How do firms adapt to the intensity of adverse conditions stemming from the natural environment (ecological adversity intensity)? In this dissertation, I develop several lines of inquiry in exploring this question. First, I seek to contribute to generally diverging perspectives on organizational adaptation, which view firms as either inherently constrained or capable of continuous adaptation to fit their environment. To do this, I examine the conditions under which firms are more likely to adapt to different levels of ecological adversity intensity. My findings from a 13-year longitudinal analysis of western U.S. ski resorts’ adaptation to temperature conditions indicate that firms facing moderate ecological adversity intensity appear more likely to engage in higher adaptation levels while those experiencing low and high ecological adversity intensity show a tendency for lower adaptation levels. That is, both diverging perspectives may predict part of firms’ adaptive responses to ecological adversity intensity. My findings also suggest firms may encounter limits to adaptation when facing increasing ecological adversity intensity. I also undertake a post hoc exploration of firm and institutional environment level factors that may moderate the relationship between ecological adversity intensity and firm adaptation. Second, I use an interdisciplinary approach that draws from resilience theory in socioecology to suggest that the existing conceptualization of organizational resilience could be expanded to include transformative change, which may allow firms to mitigate the operational impacts of reaching adaptation limits. Third, I also consider the resilience implications of the interdependency between firms and the broader ecosystems in which they operate. I conclude with potential avenues for future research in this area.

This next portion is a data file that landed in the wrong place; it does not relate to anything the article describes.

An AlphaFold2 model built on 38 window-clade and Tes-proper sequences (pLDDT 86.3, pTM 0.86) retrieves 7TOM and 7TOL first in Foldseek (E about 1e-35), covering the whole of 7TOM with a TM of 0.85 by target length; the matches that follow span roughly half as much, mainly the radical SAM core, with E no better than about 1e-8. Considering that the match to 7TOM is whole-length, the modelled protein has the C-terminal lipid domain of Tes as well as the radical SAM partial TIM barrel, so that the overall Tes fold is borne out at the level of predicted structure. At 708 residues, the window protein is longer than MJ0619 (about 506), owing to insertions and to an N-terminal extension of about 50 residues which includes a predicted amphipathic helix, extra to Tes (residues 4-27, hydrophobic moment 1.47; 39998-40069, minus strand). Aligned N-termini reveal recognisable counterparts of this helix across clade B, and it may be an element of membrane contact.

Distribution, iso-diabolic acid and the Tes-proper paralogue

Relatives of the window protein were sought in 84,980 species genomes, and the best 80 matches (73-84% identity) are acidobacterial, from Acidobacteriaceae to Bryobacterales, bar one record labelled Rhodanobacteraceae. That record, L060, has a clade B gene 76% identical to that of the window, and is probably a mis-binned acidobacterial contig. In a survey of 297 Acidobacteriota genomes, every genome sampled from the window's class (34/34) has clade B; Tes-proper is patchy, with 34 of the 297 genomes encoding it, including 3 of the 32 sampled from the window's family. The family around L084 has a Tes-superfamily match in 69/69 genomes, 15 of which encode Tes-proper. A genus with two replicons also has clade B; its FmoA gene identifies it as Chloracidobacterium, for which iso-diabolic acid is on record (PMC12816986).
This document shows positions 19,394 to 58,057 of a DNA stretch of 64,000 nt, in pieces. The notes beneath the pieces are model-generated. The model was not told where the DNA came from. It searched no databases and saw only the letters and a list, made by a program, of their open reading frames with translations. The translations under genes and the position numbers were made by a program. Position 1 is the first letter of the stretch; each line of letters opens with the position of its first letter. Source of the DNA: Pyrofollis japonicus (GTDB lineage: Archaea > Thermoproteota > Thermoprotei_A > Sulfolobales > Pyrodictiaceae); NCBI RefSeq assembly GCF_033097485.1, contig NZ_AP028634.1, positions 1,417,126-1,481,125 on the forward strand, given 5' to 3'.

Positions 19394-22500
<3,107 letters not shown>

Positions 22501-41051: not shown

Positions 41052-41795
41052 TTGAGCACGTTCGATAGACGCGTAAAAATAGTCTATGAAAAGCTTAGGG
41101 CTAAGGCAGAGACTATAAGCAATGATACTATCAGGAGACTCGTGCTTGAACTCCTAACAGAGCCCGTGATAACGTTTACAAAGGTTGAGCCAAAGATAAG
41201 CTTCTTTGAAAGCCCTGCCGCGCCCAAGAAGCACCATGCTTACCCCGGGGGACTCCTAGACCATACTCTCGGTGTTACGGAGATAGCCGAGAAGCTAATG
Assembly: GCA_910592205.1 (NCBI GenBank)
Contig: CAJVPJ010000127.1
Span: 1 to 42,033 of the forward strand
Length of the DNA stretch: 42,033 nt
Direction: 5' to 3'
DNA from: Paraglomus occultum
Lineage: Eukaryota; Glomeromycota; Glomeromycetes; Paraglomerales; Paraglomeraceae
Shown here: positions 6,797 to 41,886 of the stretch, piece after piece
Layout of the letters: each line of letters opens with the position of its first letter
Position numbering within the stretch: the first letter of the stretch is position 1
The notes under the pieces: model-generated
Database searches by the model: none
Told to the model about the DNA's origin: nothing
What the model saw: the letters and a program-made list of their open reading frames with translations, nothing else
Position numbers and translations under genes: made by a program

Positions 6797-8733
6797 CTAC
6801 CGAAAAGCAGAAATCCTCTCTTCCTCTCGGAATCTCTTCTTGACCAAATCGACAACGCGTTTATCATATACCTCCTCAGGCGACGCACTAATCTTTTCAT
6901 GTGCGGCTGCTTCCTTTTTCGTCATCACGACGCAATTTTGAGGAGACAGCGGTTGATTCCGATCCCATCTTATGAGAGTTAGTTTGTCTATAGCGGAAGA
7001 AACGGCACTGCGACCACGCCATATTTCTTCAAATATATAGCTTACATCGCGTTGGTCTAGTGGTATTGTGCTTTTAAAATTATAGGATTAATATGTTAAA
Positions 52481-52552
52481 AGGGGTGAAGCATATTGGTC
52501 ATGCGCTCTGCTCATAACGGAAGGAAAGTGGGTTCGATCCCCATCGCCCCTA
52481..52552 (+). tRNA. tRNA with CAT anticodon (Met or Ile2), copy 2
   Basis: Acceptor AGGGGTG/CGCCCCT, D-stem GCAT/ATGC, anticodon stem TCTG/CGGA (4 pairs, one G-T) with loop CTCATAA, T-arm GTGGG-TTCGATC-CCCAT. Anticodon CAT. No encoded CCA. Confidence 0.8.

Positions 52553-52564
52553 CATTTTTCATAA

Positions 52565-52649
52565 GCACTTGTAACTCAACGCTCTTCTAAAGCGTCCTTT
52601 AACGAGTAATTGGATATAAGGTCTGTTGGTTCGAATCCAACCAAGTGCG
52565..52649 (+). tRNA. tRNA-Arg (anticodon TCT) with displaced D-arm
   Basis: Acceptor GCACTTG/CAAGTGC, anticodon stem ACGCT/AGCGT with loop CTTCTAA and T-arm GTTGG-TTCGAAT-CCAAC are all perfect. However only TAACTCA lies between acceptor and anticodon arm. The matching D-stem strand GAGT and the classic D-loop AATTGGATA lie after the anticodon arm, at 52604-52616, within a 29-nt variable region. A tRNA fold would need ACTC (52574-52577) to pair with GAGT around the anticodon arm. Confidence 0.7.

|Commitee:||Bansal, Tima, Mann, Michael, Wade, James, Walter, Jorge|
|School:||The George Washington University|
|School Location:||United States -- District of Columbia|
|Source:||DAI-A 79/02(E), Dissertation Abstracts International|
|Subjects:||Business administration, Climate Change, Sustainability|
|Keywords:||Adaptation limits, Ecological adversity, Organizational adaptation, Resilience theory|
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